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Monday, August 03, 2009

Baltic index stays weak, activity remains light

Monday, 03 August 2009

The Baltic Exchange's main sea freight index, which tracks rates to ship dry commodities, fell 2.76 percent on Friday with weaker interest for cargoes weighing on activity. The index, which gauges the cost of shipping resources including iron ore, cement, grain, coal and fertiliser, fell 95 points to 3,350 points on Friday in a second day of falls after rising for three sessions previously.
Brokers said there had been a lack of fresh business for cargoes in past two days, dragging the index lower.
"Sentiment remained very fragile for the big ships with just a couple of days of quiet sending a shiver through the market," the Baltic Exchange said in its weekly market report. Brokers and analysts have said short-term movements of the main index continued to be dominated by the availability of the Capesize fleet, typically hauling 150,000 tonne cargoes such as iron ore and coal.
Chinese demand for iron ore -- the primary material in the manufacture of steel -- has driven freight market activity.
In recent months heavy congestion at China's ports tightened the supply of Capesize vessels and helped push the Baltic index higher but also added to swings in freight rates.
Port congestion in China as well as off Australia's coast had tied up a large number of Capesize vessels.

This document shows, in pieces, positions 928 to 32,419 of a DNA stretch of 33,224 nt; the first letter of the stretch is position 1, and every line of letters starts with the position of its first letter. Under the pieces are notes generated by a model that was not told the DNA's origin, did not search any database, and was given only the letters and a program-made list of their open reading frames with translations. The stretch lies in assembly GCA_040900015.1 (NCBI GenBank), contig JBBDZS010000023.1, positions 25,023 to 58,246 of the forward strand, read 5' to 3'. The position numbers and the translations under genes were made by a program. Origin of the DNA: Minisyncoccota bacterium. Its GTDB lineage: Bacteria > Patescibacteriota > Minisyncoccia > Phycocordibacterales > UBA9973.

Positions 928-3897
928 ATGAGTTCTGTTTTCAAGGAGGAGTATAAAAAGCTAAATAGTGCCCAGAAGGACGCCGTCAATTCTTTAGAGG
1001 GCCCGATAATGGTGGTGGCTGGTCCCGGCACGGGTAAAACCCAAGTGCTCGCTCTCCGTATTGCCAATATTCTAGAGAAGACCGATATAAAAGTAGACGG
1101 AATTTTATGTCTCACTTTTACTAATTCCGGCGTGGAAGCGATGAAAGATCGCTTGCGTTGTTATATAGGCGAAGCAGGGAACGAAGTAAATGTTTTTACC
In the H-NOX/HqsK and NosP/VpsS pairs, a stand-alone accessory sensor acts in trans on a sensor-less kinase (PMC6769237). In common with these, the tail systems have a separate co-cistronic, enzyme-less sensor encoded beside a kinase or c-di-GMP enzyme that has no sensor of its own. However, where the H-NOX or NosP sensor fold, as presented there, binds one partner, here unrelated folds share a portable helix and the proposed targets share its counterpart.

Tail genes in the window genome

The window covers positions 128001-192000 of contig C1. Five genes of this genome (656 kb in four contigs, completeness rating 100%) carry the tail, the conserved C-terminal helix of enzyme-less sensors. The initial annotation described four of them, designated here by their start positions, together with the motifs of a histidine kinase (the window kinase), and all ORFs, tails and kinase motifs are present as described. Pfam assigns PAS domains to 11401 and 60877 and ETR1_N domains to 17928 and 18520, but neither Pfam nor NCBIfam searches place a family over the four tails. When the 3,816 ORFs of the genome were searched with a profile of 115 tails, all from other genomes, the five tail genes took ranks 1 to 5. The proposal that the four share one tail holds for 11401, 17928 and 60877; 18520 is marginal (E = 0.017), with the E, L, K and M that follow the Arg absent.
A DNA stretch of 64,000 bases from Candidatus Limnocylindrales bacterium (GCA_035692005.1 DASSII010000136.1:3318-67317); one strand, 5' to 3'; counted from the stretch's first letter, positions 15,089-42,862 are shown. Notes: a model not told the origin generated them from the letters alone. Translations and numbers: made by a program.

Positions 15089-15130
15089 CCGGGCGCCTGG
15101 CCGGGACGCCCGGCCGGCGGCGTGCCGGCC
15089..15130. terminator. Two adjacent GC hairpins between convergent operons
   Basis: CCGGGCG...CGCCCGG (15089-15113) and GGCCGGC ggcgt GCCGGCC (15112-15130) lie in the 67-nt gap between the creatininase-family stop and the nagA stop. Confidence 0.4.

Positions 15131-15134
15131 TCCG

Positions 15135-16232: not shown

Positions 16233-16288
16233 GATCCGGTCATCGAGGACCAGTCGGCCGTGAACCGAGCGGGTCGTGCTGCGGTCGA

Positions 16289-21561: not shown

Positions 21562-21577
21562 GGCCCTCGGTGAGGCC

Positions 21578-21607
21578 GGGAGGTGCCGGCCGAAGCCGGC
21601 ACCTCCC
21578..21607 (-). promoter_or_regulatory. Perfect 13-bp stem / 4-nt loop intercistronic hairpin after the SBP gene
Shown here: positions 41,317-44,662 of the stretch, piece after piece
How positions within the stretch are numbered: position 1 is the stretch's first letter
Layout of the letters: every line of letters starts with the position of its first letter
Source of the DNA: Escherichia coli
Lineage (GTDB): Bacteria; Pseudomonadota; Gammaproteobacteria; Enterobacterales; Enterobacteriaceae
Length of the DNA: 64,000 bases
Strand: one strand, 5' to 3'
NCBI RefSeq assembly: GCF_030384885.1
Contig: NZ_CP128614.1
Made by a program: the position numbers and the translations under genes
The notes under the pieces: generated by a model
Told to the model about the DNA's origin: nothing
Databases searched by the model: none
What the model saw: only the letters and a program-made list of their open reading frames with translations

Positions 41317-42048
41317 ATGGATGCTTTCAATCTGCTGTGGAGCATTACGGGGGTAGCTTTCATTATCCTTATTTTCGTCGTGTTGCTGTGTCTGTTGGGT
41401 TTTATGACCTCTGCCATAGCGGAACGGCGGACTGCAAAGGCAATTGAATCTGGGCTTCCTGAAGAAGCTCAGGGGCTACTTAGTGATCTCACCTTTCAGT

The Baltic's Capesize index .BACI dropped 3.58 percent on Friday, in a second day of falls, also reversing previous gains made earlier this week.
"There appeared a slowdown in Chinese imports from Australia, congestion unwinding at Chinese ports, newbuildings (new ships) coming out and with sufficient landed stocks and cargo still on the water, the market took on a softer tone," the Baltic Exchange report said.
The main sea freight index hit a more than eight-month high on June 3 of 4,291 but has been erratic since then.
"The volatility may well continue but the market looks reasonably underpinned at the current level in terms of the sentiment coming out from Q2 results," said Peter Ashworth, equity analyst with Charles Stanley Securities.
Dry bulk shipping company DryShips Inc reported better-than-expected quarterly earnings this week, partly helped by a recent rise in spot charter rates.
But concerns continue to grow over the rising number of ships set to hit the market this year, which is likely to weigh on freight rates given weak global appetite for commodities and an economic slowdown, analysts said.
"The supply side remains unclear in terms of the proportion of cancellations," said Charles Stanley's Ashworth.
"That is one of the long-term uncertainties which still overhangs sentiment towards the sector."

Source: Reuters